Taking Extreme Steps To Banish Hametz Misses Point of Pesach
Our definition of hametz is expanding.
The pun is intentional. But here’s my point: Many Jews go to ridiculous extremes to redefine and root out hametz for Passover, losing sight of the simplicity and subtlety of this extraordinary holiday.
Hametz is narrowly defined as leavened bread, and Jews are not supposed to own, eat or benefit from it during Passover. That much is specified in the Torah, along with the direct admonition to remove all hametz from one’s home.
Naturally, centuries of rulings from rabbis — none of whom I’m sure had to clean their own kitchens or prepare a Seder meal — have added layer upon layer of restriction, expectation and interpretation. This is especially true among Ashkenazi Jews for whom the rice, corn, lentils, beans (and depending on who you ask, peanuts) known as kitniyot are also not to be consumed.
In strictly observant communities, this leads to the sort of extreme cleaning recounted by my colleague Frimet Goldberger, who writes of the laborious, exhausting marathon of scrubbing that Hasidic women and girls are required to do before the holiday can begin. Just learning that she spent her childhood washing the walls of her home from floor to ceiling made me grateful for the modest tasks I was assigned before our family Seders. Chopping apples for haroset pales in comparison.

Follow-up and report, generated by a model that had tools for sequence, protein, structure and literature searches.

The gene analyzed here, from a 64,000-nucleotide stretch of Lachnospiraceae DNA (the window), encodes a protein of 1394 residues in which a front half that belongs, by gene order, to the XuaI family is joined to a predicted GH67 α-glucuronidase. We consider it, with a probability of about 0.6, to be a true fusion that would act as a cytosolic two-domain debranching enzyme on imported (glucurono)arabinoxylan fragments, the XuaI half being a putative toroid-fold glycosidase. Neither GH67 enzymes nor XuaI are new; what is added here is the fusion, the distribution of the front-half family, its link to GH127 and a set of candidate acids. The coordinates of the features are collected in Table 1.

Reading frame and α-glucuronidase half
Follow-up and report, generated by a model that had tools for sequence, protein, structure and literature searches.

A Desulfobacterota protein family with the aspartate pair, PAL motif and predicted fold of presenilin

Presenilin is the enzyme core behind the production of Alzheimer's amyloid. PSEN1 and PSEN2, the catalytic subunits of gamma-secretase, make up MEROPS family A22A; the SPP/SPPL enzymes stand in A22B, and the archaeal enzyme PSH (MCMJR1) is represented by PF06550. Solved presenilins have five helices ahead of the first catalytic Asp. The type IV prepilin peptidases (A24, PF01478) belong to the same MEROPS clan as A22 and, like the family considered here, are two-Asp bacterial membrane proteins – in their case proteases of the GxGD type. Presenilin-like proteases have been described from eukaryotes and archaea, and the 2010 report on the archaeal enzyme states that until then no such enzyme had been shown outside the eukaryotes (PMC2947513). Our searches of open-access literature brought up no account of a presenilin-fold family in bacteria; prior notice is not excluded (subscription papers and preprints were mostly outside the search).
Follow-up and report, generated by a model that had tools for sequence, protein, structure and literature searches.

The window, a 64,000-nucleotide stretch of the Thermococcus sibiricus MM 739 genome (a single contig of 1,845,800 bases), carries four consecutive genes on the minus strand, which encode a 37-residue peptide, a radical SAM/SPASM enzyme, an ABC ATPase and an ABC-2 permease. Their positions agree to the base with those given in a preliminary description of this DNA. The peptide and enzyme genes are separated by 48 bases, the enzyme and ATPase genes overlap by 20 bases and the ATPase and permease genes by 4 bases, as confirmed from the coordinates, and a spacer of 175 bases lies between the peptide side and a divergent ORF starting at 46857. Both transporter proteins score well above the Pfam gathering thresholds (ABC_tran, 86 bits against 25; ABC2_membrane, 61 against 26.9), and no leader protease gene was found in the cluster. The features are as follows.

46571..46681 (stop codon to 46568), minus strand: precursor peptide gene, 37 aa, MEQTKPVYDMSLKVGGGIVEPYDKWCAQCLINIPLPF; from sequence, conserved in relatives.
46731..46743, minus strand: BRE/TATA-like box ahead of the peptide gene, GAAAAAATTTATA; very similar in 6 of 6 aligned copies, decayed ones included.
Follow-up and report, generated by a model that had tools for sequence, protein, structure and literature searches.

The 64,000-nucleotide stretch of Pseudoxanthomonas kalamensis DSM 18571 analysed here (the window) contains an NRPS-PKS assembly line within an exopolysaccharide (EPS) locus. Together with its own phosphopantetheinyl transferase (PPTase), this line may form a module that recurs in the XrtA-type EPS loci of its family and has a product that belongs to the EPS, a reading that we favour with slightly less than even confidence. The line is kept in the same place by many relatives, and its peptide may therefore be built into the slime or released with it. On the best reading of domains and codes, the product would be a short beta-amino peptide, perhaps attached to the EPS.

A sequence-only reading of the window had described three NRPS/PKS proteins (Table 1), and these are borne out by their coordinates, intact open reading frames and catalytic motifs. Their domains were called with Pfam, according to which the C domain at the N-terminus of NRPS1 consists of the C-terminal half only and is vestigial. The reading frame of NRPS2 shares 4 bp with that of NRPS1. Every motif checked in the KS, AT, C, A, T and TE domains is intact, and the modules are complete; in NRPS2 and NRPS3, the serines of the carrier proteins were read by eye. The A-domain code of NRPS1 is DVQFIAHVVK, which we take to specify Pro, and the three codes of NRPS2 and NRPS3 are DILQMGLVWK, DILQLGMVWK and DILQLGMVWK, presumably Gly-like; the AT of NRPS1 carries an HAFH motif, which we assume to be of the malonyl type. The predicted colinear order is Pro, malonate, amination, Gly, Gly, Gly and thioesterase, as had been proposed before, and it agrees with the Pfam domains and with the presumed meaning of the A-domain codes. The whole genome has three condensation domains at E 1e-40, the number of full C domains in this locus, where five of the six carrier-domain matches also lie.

Even for the less obsessive, the extreme banishment of hametz has led to an industry of processed foods meant to replicate, with far less taste and at a far higher price, the foods that we may or may not even eat the other weeks of the year. Really, how did the Jews survive for all these centuries without kosher-for-Passover wasabi sauce?
And then there are the Jews who expand the definition of hametz well beyond food to include behaviors and attitudes that they find objectionable or imprisoning. I understand the rationale of one Manhattan synagogue to banish email for all the days of Passover so that its members can “taste freedom.” I can even appreciate the impulse to unplug from the technology that seems to dominate our lives.
But many of us don’t have the professional luxury of going device-free for eight days, nor do we want to forego the benefits of electronic communication — the email from a faraway friend, the random text message from a child. More to the point, exiling email turns hametz into something objectionable, treyf, even sinister. But hametz isn’t so much a thing as a process. We still consume flour on Passover — it’s in matzo, after all. It’s just flour that has not been allowed to rise for more than 18 minutes.
It’s not the ingredients that make a product hametz so much as the conditions under which it is produced. I’m reminded of a wonderful section of the Moss Haggadah, which on one page shows a person shoveling bricks into a hot oven — an obvious metaphor for slavery.
But on the next page, that same person is putting a similarly shaped object into an oven, only it’s bread to be baked, and the person is doing so freely.
We don’t need to go to extremes to banish the hametz from our lives during Passover. The line between slavery and freedom for many of us is far more subtle.